Nicole Cutler L.Ac.
When it comes to caring for your liver with Vitamin E, there is more involved than picking a Vitamin E supplement off the shelf.
Many people have heard of the antioxidant known as Vitamin E, but few realize that there are eight naturally occurring forms of this vitamin. Known to be helpful for those with liver health concerns, choosing the best Vitamin E variety for liver health can be confusing. By becoming familiar with Vitamin E’s primary forms, consumers will have a better understanding of this vitamin’s saga – and know more about ideal Vitamin E supplementation.
Admittedly, most of us like to think of vitamins as relatively straight-forward healthful pills that are taken with breakfast. When a particular vitamin is shown to defend against a chronic illness we are personally grappling with, it’s generally an easy transition to include in our routine. However, when the information about a vitamin is complex and filled with layers of instruction, most of us tend to shy away – preferring suggestions that come in simple, neat packages. Regrettably, the complexity of supplementing with Vitamin E encourages many to dismiss it. Dismissal is unfortunate for those who could really benefit (like those with chronic liver disease) – because – in this instance, Vitamin E is definitely worth the bother.
The Many Forms of Vitamin E
Vitamin E is a fat-soluble antioxidant that stops the production of reactive oxygen species (ROS). The result of cellular oxidation, ROS is a major contributor to most chronic diseases. Vitamin E is believed to prevent or delay chronic liver disease progression because it can infiltrate fatty tissue in the liver to exert its antioxidant properties.
Vitamin E is defined by chemists as eight naturally occurring forms which can be found in food; four tocopherols and four tocotrienols. The tocopherols are:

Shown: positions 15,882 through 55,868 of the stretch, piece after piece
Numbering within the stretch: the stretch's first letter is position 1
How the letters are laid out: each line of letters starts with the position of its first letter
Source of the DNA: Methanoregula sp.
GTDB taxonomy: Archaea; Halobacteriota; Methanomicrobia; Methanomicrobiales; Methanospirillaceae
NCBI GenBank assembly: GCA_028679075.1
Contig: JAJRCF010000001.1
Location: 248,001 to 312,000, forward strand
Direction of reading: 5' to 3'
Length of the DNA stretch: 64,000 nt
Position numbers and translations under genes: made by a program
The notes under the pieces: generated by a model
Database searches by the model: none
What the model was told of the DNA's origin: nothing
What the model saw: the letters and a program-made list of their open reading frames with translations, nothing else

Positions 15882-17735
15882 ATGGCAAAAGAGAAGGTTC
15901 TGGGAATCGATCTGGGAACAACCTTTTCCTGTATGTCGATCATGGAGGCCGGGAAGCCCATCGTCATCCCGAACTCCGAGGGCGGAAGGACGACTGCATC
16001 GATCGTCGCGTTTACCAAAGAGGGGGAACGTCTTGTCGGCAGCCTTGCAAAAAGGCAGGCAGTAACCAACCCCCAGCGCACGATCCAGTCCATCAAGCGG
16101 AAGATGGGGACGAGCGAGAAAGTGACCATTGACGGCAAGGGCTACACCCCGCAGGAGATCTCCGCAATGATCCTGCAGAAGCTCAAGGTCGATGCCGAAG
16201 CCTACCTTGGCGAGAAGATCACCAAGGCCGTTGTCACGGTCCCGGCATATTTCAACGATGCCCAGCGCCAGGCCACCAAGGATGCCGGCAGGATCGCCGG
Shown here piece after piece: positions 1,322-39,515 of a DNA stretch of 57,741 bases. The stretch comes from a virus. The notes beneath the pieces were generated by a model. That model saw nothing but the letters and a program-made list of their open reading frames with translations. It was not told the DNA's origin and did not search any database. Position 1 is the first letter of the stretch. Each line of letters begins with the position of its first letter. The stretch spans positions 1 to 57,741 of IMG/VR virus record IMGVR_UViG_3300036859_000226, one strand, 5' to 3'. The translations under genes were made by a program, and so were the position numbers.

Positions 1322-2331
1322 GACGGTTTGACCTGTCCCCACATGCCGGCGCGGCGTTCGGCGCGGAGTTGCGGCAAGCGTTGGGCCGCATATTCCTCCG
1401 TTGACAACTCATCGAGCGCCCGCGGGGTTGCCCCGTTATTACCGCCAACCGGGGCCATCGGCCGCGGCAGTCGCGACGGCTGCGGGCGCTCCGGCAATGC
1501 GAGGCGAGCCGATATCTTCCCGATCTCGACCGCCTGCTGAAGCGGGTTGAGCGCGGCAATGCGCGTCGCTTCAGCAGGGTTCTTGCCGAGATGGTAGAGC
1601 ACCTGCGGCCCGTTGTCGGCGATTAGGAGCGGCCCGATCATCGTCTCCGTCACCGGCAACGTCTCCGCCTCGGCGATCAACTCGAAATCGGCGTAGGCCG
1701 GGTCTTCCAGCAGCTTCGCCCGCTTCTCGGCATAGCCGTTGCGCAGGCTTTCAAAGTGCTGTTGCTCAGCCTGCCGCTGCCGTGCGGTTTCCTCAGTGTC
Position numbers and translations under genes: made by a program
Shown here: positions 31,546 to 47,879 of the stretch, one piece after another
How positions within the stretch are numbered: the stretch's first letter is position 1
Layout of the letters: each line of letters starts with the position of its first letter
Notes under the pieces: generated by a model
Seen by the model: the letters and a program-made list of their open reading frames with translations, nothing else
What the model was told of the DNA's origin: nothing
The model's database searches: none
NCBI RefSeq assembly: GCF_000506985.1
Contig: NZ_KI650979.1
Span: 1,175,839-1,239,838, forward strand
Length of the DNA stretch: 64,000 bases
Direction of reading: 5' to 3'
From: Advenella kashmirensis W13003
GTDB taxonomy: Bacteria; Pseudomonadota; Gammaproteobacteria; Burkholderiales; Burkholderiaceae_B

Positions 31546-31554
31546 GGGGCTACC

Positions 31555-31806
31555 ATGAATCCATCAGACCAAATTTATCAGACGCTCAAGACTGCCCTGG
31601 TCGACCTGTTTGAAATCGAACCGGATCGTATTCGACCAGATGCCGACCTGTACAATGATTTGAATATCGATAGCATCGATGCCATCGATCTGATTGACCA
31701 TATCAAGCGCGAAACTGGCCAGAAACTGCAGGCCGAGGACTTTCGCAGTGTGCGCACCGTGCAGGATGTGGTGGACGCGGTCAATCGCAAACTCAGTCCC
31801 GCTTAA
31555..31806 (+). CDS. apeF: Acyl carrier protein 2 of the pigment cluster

The four tocotrienols are:
Although there are eight distinct forms (each with its own potential health benefits), d-alpha-tocopherol is the most common substance packaged as a Vitamin E supplement. Known to have the highest biological activity within the Vitamin E family, d-alpha-tocopherol is continually recycled by the liver – while the liver metabolizes and excretes the other Vitamin E forms. As such, blood and cellular concentrations of other forms of Vitamin E are lower and have been the subjects of less research.
The function of d-gamma-tocopherol in humans is not totally clear, with blood levels generally ten times lower than those of d-alpha-tocopherol. Very few studies have evaluated d-gamma-tocopherol in the body, but those that have suggest that it has the unique ability to scavenge reactive nitrogen species. Like ROS, reactive nitrogen species can also damage proteins, lipids and DNA. Most healthcare professionals suggest supplementing with a mixture of tocopherols – including both the alpha and gamma versions.
Most of the research involving Vitamin E has been conducted on tocopherols because of their abundance – both in the body and in nature. However, modern research is demonstrating tocotrienols to be particularly valuable to human health.
On a molecular level, tocopherols and tocotrienols differ because of their lipid-soluble tails. Tocopherol has a longer tail, enabling it to embed in cell membranes and be less mobile. On the other hand, tocotrienol has a shorter tail that increases its mobility in cell membranes. According to Dr. Barrie Tan, an international authority on the subject, tocotrienol’s increased mobility allows it to move faster and cover a larger area of the membrane. This speed helps tocotrienols hunt down free radicals across a large area. According to the work of University of California/Berkeley’s Dr. Lester Packer, tocotrienol is about 50 times more potent as an antioxidant than tocopherol.
Both tocotrienol and tocopherol are antioxidants, but tocotrienol also:
Helps lowers cholesterol
Helps maintain and reduce triglyceride levels
Has anti-cancer properties
Tocotrienols are not as easy to isolate from Vitamin E-rich sources as tocopherols are. Consequently, the supportive science and availability of tocotrienols remains in its relative infancy.
With such potent health benefits of both tocotrienols and tocopherols, it is logical to seek a united Vitamin E supplement containing both of these forms. However, keen clinicians advise against this practice. This is because d-alpha-tocopherol interferes with tocotrienol’s benefits, virtually cancelling out the good intentions of taking these substances together.
Although not falling into the simplistic approach of relying on one supplement for your Vitamin E intake, experts in the field of antioxidant therapies recommend taking both supplements, separately. By taking tocopherols in the morning and tocotrienols in the evening, the body receives unparalleled oxidation-fighting power – giving their liver a true Vitamin E advantage.
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